Ireland presents many benefits to businesses that wish to incorporate in Ireland. It provides a gateway to the lucrative EU market, the opportunity to avail of Ireland's highly educated and skilled workforce, and various programmes to support new enterprises in Ireland.Ireland has one of Europe's most attractive tax regimes, with corporation tax from only 12.5%, and the possibility for companies involved in technology to benefit from significantly reduced corporation tax through Ireland's R&D tax credit incentive.
When considering incorporation in Ireland, it is important to learn about the various types of legal entities for conducting business.
Companies Limited by Shares
The private company limited by shares — also known as the LTD company — is the most common form of company in Ireland. The LTD has a simple constitution without an objects clause and must have at least one director and a company secretary. It is possible for the LTD company to dispense with its AGM and an authorised share capital. Certain company activities such as a credit institution or insurance undertaking cannot incorporate as an LTD company.
The Designated Activity Company limited by shares – also known as a DAC– is similar to the LTD company in many ways. However, it must have a memorandum of association with an objects clause; it must have an authorised share capital; it has to have at least 2 directors and only single-member companies can dispense with the AGM.
Public Limited Company – also known as a PLC– is a public company which can offer shares to the public. Similar to the DAC, it must have a memorandum of association with an objects clause; it must have an authorised share capital; it has to have at least 2 directors and only single-member companies can dispense with the AGM. However, the nominal value of the company's allotted share capital must not be less than €25,000 with a minimum of 25% paid up before it can commence business.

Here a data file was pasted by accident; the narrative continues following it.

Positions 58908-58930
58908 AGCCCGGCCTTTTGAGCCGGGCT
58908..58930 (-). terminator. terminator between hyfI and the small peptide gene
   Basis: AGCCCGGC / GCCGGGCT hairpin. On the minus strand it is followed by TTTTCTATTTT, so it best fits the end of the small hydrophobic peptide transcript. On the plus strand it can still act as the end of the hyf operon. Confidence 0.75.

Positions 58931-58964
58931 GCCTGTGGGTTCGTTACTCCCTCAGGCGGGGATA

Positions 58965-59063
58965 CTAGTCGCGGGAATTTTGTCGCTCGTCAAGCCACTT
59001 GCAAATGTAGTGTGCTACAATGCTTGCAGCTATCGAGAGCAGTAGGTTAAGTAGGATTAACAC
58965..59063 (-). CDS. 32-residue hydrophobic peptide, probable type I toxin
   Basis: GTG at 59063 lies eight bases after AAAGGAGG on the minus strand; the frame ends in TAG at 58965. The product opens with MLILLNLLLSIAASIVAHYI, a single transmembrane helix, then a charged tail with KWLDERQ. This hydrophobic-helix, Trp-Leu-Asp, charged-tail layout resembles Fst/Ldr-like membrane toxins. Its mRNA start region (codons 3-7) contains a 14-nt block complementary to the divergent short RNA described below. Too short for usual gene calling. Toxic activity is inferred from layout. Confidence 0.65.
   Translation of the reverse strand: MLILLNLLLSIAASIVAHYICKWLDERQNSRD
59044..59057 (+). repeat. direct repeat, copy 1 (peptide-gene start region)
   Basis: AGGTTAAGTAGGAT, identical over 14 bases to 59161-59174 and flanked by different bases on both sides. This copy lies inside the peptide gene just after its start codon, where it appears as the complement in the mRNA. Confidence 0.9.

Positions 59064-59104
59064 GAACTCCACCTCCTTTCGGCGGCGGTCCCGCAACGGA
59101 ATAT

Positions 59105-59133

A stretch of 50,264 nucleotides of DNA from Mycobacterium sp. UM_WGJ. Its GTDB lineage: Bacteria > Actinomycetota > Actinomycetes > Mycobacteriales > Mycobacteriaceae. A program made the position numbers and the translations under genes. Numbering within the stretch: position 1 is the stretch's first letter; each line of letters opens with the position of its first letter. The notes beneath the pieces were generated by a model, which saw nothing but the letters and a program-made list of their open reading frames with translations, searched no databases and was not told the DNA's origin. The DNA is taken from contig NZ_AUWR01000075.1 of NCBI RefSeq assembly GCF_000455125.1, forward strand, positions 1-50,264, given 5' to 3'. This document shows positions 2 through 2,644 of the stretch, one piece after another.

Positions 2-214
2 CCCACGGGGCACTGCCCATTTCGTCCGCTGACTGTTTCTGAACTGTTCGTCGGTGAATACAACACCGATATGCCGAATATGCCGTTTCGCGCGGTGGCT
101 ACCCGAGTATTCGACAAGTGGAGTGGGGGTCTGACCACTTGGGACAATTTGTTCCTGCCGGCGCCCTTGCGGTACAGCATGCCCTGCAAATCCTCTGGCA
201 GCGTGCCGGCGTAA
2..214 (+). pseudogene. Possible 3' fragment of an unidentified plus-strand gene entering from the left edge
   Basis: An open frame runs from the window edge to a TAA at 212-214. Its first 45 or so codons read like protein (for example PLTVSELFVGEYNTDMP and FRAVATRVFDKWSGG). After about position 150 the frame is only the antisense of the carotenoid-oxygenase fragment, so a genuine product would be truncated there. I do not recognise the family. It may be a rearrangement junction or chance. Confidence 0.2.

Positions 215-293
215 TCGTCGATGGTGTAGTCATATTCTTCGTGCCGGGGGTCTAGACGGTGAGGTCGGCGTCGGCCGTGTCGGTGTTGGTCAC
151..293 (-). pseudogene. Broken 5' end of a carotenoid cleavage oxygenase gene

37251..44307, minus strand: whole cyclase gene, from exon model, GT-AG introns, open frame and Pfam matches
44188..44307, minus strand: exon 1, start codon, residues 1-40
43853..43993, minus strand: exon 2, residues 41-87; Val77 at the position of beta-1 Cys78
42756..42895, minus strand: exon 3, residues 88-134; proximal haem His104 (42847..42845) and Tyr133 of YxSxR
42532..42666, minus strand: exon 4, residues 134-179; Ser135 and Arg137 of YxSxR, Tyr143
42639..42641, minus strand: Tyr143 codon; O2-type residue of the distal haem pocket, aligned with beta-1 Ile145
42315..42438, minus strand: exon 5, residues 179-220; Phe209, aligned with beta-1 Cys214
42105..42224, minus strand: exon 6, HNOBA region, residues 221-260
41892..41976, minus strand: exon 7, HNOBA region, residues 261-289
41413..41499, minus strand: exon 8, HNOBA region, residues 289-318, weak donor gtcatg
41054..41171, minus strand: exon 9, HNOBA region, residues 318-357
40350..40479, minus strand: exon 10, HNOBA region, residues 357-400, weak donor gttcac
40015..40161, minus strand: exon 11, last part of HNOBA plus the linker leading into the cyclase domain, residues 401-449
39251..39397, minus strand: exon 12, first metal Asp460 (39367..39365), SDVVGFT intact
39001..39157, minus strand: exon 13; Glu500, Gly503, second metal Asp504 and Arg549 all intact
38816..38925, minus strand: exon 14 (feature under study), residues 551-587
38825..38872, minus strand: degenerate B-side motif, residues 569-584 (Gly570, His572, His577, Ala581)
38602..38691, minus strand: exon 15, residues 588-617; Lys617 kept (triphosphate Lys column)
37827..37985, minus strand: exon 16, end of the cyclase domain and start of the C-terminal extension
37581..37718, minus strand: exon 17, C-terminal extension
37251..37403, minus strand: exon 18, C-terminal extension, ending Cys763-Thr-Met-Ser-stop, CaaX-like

As limited liability companies, the shareholders' legal responsibility for the debts of the LTD, DAC and PLC is limited to the amount paid or to be paid up for their shares.
Companies Limited by Guarantee
The Company Limited by Guarantee – also known as the CLG – is commonly utilised by charities and clubs as it does not have a share capital. The members of the company are legally liable for the amount which they have guaranteed they will contribute if the company is wound up.
The Designated Activity Company Limited by Guarantee does have a share capital. The members of this type of company are legally liable for the amount paid or to be paid up for their shares and also the amount they guaranteed they will contribute if the company is wound up
There are 3 types of unlimited company – PUC, PULC and ULC. The members of this type of company have unlimited liability for the debts of the company. This entity is useful for occupations that cannot operate through limited liability companies. In certain circumstances, an unlimited company may not have to submit its financial statements to the Companies Registration Office and this makes the company type attractive to persons that wish to keep their financials private from the general public.
There are several common features for all of the above company types, for example, every company must have at least one EEA resident director unless a Section 137 bond is held. All of the above company types must prepare annual financial statements. However, subject to satisfying certain conditions, an audit exemption is available to all except the PLC, PULC and PUC. The guarantee companies and unlimited companies are similar to the DAC in that they must have a memorandum of association with an objects clause; an authorised share capital; at least 2 directors and may only dispense with the AGM if they are single-member companies.
Other types of corporate structures
Corporate Structures are not only limited to the above company types in Ireland. A non-exhaustive list of other non-company types include Limited Partnerships, General Partnerships, European Economic Interest Groupings (EEIG), Societas Europaea (SE) and Branches.
Partnerships are ideal for certain kinds of professionals that are forbidden from commercial activities, such as doctors and lawyers. Whereas the branch permits a foreign company to have a presence in Ireland without setting up a separate Irish company. The EEIG and SE are EU vehicles which are useful for some EU cross border activities.
This is merely a sample of some of the most well-known corporate structures available to businesses and investors establishing themselves in Ireland.
Pearse Trust has the expertise to help you navigate the structures available and create the type of legal entity best suited to your ownership preferences as you look to expand into the attractive marketplace that Ireland has to offer.